For example, when AstraZeneca’s patent for their top selling medicine Prilosec (generic name: Omeprazole) was ending, it found a way to further purify the active ingredient (changing it very slightly and insignificantly) to Esomeprazole. They gave it a new name (Nexium) and a new patent. The efficacy of the two medications are nearly identical but the new one costs a LOT more. For most conditions, generic medications are not only cheaper, they are just as good as the brand name.
2.Choosing Formulary Medications
For many medical conditions, there are a variety of prescription drugs that belong to the same class. These essentially do the same thing, but are chemically different (unlike brand and generic which are chemically identical). The formulary is a list of medications which are published on the MOH website that are subsidized for Singaporeans and PRs. Those which are on Standard Drug List #1 are capped at $1.40 per week and $2.10 per week for Singaporeans and PRs, respectively. Those which are on Standard Drug List #2 are subsidized by 50% and by 25% of the retail price for Singaporeans and PRs, respectively. Keep in mind that each polyclinic and specialist outpatient clinic may stock different medications and implement this differently, but this formulary will at least give you a starting point. If you have a chronic medical condition, more than likely there is a medication on the formulary that you can switch to that is highly subsidized. According to MOH, the formulary covers about 90% of the total volume of medication prescriptions. For example, if you have hypertension, and you choose a generic drug, you will still have a big price difference between generic drugs of the same class. Losartan 100mg is $0.40 per pill and Candesartan 16mg is $1.10 per pill. But Losartan is on the formulary Stardard Drug List #2 while Candesartan is not. So that means if you’re Singaporean, Losartan is only $0.20 per pill. Despite both medications being generic medications, one will cost more than $400 per year and the other will only be $73. Choosing generic medications does save you money, but choosing formulary medications can save you even more!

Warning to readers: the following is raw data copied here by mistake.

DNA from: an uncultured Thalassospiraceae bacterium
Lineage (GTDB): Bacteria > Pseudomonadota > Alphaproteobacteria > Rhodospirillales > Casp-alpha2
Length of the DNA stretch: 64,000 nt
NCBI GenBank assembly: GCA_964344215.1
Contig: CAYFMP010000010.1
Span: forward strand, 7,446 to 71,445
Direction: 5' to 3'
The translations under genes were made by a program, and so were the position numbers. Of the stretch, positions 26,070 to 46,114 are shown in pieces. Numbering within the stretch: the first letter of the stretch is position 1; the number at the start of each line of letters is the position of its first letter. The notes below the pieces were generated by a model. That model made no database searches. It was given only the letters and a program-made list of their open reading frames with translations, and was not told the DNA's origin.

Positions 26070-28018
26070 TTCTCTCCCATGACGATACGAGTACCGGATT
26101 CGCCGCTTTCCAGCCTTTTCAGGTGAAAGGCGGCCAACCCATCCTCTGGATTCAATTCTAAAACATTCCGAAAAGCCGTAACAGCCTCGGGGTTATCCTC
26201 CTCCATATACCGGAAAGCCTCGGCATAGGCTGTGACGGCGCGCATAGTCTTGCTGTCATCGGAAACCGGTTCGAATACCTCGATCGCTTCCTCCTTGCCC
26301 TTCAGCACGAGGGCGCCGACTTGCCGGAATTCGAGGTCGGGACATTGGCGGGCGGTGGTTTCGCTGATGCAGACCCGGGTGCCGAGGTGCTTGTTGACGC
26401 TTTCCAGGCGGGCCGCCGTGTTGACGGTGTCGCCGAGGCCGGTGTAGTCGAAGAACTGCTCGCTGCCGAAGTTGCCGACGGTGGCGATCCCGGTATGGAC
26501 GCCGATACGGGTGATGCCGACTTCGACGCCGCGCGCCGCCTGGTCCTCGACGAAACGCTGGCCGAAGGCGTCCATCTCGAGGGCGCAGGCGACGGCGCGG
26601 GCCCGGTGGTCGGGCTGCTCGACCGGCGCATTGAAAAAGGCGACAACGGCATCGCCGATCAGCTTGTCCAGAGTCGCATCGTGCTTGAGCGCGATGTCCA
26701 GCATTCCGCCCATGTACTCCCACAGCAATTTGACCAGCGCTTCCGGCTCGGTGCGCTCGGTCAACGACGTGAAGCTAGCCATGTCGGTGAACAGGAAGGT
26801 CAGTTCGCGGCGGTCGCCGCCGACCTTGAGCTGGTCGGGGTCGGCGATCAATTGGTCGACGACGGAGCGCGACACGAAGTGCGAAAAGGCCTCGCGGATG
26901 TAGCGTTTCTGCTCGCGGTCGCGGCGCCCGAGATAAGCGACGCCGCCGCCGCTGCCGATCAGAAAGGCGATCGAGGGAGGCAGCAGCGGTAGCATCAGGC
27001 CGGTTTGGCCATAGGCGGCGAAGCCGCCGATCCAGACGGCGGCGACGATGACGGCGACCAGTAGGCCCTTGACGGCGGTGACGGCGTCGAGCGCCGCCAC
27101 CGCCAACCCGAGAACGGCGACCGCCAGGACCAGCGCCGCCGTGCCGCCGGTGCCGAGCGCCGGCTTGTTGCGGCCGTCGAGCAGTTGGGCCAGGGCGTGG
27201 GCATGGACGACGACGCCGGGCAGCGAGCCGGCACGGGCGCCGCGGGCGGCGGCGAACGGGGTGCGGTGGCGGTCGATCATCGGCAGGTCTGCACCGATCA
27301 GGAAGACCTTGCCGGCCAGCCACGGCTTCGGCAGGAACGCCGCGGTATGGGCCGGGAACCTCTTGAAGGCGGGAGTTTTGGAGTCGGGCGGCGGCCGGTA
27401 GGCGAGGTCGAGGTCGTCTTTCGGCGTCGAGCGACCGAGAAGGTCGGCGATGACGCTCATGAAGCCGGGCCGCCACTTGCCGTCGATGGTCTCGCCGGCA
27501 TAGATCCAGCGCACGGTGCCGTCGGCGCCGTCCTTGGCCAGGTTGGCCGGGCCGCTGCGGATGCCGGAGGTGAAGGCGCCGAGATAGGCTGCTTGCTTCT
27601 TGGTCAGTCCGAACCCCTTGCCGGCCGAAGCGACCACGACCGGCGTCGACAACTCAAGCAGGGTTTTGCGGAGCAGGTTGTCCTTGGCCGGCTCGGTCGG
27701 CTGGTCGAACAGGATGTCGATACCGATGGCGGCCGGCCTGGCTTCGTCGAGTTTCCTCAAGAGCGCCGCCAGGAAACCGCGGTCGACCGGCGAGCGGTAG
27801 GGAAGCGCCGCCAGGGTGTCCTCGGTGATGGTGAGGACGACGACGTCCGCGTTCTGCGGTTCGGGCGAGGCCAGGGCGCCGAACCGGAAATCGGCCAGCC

3.Splitting your pills
Many pills cost the same despite how much active ingredient there is in the pill. For example, Amlodipine 5mg is $0.20 and Amlodipine 10mg is also $0.20. If you need only 5mg, why not just buy the 10mg and split the pill in half? Many tablets can be split in half, but do not try to split capsules or any time-released or coated medications. If the pill is not scored, always check with your doctor or pharmacist to make sure it is safe to split the pill.
4.Choosing Not to Combine Medications
Combination medications are great for convenience, but many of these tend to be brand name medications, such as Caduet, in which Pfizer just put two already available generic drugs together (Amlodipine plus Atorvastatin) to patent a “new” drug. You may want to ask your doctor whether you can take the medications separately, which may allow you to save money, especially since both generic drugs (as in this example) are on the MOH formulary list.
Image result for save medicine cost in singapore
5.Shopping Around
As with everything, you should shop around and call your pharmacy since prices will vary. You may be wondering why prices vary in the first place. Like other commodities, the institution or business which purchases the goods have different price arrangements with the suppliers. Larger institutions, in general, have more buying power. There may be other special discounts or costs that affect the price of the medication.

6. Visit Pharmacy in Malaysia, Johor Bahru
Usually, medicine in malaysia is selling at lower price compare to Singapore. Can refer below link for reference.

Why doesn’t my doctor just give me the less expensive drug?
Many people think that doctors purposely prescribe the most expensive drug because they get financial incentives. For the vast majority of doctors, this is not the case. Yes, there are some that get kickbacks, but those working in the public institutions are strictly prohibited from this (this is one reason I avoid private hospitals and clinics). The prescribing habits of doctors are just that – habits. They prescribe what they are comfortable with and what they have prescribed in the past. They also place a higher priority on what works for their patients, and have less interest in knowing what cheaper alternatives are out there. It’s like when I ask people which place has the best laksa, they each have their own preference and some places will be a lot more expensive than others. No one ever tells me the cheapest place, unless they extensively research this. There also may be a good reason why your doctor wants you on a more expensive drug. The key is to ask your doctor and engage him/her in a conversation to discuss possible less expensive alternatives. The prices of drugs prescribed for common conditions can be found on the Pharmaceutical Society of Singapore website.
Of course, the best way to save money on medications is to live a healthy lifestyle so you won’t need to be on the medications. Most chronic conditions can be managed or even reversed with lifestyle modifications. How we eat, move, sleep, think, and interact with others can significantly change our health, our savings, and our life.


Do NOT put makeup on children, say health experts